Effect of Formal Training on Consensus of Visual Aesthetic Appreciation
06 - Präsentation
Previous research has shown that the degree of aesthetic consensus (“shared taste”) across observers differs by visual aesthetic domain, being higher for natural kinds (faces and landscapes) and lower for cultural artifacts (artworks and architecture). This may arise because cultural artifacts have little relevance for most people’s daily behavior and thus do not motivate convergent learning. We examined the aesthetic preferences of students enrolled in training programs for design and architecture, and hypothesized that formal training in an artistic domain would lead to shifts in which features individuals use to aesthetically evaluate that domain, leading to changes in which images are preferred, and potentially, to an increase in shared taste (convergence) across individuals. 37 architecture and 25 design (visual communication) students were asked to look at pictures of architecture, fine art paintings and design posters and rate them on both a cognitive (“did you understand the image”) and aesthetic emotional scale (“were you touched by the image”), both at the beginning of their first semester (T1) and again at the beginning of their second semester (T2). While we did observe an initial domain-specific preference amongst design students (for design posters) and architecture students (for buildings), we did not find evidence for a domain-specific effect of training on consensus for aesthetic appeal. Rather, we found more generalized increases in consensus for understanding, and decreases in consensus for aesthetic appeal for specific stimulus types. These findings suggest that a semester of domain-specific training accentuates the individuality of aesthetic judgments, an essential skill for design and architecture students.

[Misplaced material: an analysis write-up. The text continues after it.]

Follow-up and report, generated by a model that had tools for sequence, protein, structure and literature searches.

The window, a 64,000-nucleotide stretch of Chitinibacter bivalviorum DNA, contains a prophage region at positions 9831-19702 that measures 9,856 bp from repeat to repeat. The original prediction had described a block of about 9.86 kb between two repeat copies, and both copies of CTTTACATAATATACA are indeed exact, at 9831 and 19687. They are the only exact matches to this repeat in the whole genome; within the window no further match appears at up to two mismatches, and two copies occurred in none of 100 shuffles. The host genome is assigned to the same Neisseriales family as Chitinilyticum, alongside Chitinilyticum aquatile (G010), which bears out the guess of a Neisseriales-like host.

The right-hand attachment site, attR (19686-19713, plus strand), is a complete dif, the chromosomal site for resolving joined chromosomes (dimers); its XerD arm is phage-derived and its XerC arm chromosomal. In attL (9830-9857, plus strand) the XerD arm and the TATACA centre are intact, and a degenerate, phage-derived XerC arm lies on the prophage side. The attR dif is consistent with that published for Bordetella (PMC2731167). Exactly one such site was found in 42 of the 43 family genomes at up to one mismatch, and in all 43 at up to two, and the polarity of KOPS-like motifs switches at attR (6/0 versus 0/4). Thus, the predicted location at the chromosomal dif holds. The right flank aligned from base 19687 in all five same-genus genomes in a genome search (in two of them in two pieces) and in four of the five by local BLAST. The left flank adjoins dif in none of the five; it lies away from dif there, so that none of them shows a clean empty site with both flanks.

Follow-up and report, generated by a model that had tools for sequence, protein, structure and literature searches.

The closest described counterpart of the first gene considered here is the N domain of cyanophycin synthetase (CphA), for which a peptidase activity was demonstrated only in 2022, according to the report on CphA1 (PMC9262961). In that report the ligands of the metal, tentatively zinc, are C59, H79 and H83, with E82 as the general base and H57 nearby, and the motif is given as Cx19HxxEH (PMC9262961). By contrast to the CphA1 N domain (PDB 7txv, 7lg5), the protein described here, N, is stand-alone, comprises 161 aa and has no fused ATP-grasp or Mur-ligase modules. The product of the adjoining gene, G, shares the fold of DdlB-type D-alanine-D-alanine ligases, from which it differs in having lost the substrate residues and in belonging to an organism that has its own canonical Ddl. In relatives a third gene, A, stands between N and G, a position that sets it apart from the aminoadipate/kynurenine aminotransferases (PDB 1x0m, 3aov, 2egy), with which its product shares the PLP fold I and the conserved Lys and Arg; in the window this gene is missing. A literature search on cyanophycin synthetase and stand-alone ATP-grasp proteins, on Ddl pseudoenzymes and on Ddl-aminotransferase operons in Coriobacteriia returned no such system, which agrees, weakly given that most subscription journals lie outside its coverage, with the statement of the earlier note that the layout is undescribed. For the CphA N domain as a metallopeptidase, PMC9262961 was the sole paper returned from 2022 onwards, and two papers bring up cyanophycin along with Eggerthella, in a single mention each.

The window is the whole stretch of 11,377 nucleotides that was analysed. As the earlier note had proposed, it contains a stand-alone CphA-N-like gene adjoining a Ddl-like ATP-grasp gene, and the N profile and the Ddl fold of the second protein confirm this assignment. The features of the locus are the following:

International Association of Empirical Aesthetics;